As discussed above, the Itokawa particles analyzed in this research are different from the regolith particles of large celestial bodies with strong gravity, such as the moon, and have the same features as the regolith on asteroids with low gravity. Such regolith particles are considered to have been formed by the impact of another asteroid on the Itokawa surface and were abraded because of the particle motion by the vibration excited by impact with another asteroid (Fig. 6). Thus, the active state of the asteroid surface was clarified.

<<Significance of Research Achievements>>
The analysis of the Itokawa particles in this research proved the conventionally predicted association between asteroid materials and meteorites. This leads to the clarification of the association between the approximately 250,000 asteroids and 60,000 meteorites discovered to date and can be considered, from the viewpoint of scientific history, to be a significant achievement that will contribute to a greater understanding of the formation of the solar system.

In addition, the features of the asteroid Itokawa, which had not previously been clarified by conventional astronomical observation or meteorite analysis, were revealed from the features of the regolith particles determined by analyzing the 3D exterior of the Itokawa particles, and the origin and evolution of Itokawa were discussed on the basis of these features. We hope that a clear picture of Itokawa will be revealed by more detailed analysis in the future.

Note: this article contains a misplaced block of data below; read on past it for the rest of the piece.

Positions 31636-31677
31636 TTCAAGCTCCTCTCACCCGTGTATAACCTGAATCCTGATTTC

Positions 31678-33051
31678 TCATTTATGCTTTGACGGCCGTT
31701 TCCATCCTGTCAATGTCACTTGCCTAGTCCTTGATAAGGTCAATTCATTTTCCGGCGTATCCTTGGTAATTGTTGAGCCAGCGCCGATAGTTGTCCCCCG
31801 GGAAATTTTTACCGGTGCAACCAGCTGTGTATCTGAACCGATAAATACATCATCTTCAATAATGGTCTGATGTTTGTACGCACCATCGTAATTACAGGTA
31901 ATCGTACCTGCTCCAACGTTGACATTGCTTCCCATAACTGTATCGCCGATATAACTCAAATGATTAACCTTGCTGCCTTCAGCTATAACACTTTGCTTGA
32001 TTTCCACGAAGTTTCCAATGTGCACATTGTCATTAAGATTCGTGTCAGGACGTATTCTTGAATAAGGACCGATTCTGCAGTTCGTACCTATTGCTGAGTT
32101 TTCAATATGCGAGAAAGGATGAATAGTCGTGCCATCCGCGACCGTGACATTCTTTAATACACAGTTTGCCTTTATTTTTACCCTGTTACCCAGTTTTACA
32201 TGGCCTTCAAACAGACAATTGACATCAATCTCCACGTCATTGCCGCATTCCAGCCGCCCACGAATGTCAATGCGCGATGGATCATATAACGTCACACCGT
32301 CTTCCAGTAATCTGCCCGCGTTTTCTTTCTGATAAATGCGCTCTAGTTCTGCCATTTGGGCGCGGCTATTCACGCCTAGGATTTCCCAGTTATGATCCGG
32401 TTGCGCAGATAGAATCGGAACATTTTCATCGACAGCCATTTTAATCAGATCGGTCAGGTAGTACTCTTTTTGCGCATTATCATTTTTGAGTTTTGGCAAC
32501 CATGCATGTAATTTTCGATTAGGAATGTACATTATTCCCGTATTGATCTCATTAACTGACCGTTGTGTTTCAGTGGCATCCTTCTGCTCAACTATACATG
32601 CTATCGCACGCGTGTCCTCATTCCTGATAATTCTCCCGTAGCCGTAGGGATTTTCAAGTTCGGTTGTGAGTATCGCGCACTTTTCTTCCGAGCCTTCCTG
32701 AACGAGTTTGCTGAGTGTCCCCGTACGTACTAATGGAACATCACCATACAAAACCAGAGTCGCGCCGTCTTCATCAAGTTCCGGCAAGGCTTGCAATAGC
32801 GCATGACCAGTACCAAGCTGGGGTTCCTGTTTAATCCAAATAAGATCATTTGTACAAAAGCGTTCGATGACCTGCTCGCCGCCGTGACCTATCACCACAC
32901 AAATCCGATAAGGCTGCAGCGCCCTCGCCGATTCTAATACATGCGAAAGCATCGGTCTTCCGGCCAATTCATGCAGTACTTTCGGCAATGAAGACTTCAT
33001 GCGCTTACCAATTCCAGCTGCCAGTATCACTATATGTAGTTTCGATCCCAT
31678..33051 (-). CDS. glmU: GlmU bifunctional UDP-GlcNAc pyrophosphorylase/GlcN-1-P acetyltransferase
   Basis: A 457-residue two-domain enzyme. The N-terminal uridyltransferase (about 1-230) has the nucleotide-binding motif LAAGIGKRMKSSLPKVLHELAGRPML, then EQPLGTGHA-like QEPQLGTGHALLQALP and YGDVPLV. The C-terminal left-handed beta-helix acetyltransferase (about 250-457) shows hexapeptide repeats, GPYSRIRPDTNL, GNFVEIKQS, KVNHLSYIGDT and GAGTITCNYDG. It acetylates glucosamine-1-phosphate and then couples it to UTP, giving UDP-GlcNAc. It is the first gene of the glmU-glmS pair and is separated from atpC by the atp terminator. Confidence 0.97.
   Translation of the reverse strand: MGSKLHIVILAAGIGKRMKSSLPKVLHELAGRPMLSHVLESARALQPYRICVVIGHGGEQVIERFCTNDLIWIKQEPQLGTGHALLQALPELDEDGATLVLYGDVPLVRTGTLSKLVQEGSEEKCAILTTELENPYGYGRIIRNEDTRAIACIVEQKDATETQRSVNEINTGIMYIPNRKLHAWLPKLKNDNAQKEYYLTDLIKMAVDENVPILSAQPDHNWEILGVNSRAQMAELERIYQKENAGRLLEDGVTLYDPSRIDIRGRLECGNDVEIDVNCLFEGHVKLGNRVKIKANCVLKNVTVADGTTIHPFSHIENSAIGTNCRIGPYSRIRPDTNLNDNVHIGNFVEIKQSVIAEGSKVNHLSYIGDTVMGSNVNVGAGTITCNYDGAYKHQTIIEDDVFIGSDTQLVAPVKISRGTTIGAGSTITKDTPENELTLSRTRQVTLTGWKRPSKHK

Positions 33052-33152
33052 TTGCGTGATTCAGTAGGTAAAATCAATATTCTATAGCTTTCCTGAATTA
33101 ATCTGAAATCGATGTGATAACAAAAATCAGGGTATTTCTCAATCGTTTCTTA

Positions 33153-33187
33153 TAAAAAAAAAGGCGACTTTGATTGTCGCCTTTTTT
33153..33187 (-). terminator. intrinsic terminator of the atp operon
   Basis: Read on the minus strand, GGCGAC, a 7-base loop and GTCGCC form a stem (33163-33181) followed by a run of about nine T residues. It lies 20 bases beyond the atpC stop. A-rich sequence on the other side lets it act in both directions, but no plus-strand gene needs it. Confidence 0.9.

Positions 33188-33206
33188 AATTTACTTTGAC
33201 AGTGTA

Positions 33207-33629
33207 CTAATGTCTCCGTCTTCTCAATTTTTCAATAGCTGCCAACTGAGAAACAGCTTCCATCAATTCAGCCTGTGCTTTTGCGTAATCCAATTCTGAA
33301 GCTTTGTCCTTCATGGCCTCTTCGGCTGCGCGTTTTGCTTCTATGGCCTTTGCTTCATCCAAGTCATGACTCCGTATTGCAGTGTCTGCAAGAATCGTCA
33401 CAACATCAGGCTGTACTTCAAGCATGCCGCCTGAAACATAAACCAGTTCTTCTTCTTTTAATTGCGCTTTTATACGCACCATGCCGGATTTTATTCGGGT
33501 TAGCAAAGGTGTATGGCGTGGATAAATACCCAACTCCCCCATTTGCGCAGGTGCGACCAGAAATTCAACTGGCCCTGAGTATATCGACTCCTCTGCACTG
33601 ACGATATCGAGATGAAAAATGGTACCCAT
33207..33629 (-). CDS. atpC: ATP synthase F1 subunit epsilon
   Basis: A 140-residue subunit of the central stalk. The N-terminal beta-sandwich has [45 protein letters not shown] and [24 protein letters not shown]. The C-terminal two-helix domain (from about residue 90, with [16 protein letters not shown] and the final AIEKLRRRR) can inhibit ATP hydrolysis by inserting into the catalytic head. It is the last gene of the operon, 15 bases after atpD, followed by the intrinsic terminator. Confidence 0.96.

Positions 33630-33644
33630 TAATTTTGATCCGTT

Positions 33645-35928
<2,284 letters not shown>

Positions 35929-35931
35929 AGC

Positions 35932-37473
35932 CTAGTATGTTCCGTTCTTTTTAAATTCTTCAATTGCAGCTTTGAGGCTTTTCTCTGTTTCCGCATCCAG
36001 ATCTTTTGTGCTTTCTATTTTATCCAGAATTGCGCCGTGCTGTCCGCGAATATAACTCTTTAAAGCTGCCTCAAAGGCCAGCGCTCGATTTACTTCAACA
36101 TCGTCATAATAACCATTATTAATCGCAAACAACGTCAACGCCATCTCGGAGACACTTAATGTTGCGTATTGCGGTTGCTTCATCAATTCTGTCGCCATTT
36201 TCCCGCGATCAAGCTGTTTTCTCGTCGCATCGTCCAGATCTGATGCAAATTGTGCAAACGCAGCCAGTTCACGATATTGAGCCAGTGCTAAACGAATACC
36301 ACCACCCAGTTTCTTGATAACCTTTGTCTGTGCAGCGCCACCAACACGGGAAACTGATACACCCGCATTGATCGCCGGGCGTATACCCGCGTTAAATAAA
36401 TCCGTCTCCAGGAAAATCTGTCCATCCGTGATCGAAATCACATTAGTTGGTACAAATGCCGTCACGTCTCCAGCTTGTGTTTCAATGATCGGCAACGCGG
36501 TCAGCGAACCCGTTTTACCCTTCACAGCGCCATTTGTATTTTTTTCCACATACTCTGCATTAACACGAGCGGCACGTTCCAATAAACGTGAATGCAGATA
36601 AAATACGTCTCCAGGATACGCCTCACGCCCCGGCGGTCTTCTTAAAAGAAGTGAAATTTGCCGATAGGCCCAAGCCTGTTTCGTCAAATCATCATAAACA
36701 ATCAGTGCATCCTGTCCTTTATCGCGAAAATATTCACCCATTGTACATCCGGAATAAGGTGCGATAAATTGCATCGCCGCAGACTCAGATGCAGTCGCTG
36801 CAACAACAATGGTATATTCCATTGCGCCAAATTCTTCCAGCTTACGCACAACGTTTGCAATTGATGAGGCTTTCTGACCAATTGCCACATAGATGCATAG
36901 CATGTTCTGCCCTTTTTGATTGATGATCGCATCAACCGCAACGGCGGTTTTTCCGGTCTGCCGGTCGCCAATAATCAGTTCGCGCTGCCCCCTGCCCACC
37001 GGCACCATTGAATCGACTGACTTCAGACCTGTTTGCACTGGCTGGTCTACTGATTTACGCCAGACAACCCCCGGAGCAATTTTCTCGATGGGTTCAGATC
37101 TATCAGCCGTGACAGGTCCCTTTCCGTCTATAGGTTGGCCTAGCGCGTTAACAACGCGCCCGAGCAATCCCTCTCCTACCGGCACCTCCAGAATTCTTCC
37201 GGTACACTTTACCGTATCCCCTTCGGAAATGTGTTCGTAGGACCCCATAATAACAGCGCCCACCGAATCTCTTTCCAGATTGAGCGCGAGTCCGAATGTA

"Three-Dimensional Structure of Hayabusa Samples: Origin and Evolution of Itokawa Regolith"
Akira Tsuchiyama et al.
Science 333 (6046), 1125-1128 (2011), published online 26 August 2011


Fig. 1 Schematic of analysis of samples collected by Hayabusa
Fig. 1 Schematic of analysis of samples collected by Hayabusa

In this research, scientists simultaneously proved the conventional prediction for the constituent materials and internal structure of Itokawa and obtained new findings that are expected to be useful in regolith science.

Fig. 2 Optical microscopy images of Itokawa particles (sample: RA-QD2-0011)
Fig. 2 Optical microscopy images of Itokawa particles (sample: RA-QD2-0011)

An Itokawa particle was glued to the end of a 5-µm-diameter carbon fiber using resin. The particle, which has the appearance of a jewel under microscopic observation, was observed by X-ray microCT at SPring-8. The scale on the blue line represents 120 µm.

Fig. 3 Examples of CT images (sample: RA-QD2-0031)
Fig. 3 Examples of CT images (sample: RA-QD2-0031)

The minerals in a sample can be identified by CT with two different X-ray energies (Ol, olivine; HPx, high-Ca pyroxene; Pl, plagioclase; Chm, chromite; Tr, troilite).

Fig. 4 Mineral composition ratio in Itokawa particle and equilibrated ordinary chondrite materials (LL4-6, L4-6, and H4-6)
Fig. 4 Mineral composition ratio in Itokawa particle and
equilibrated ordinary chondrite materials (LL4-6, L4-6, and H4-6)

(Ol: olivine; LPx: low-Ca pyroxene; HPx: high-Ca pyroxene; Pl: plagioclase; Tr: troilite)

Fig. 5 CT images of particle samples with sharp and round edges
Fig. 5 CT images of particle samples with sharp and round edges

Fig. 6 Schematic of evolution of regolith particles on Itokawa surface
Fig. 6 Schematic of evolution of regolith particles on Itokawa surface

For more information, please contact:
 Prof. Akira Tsuchiyama (Osaka University)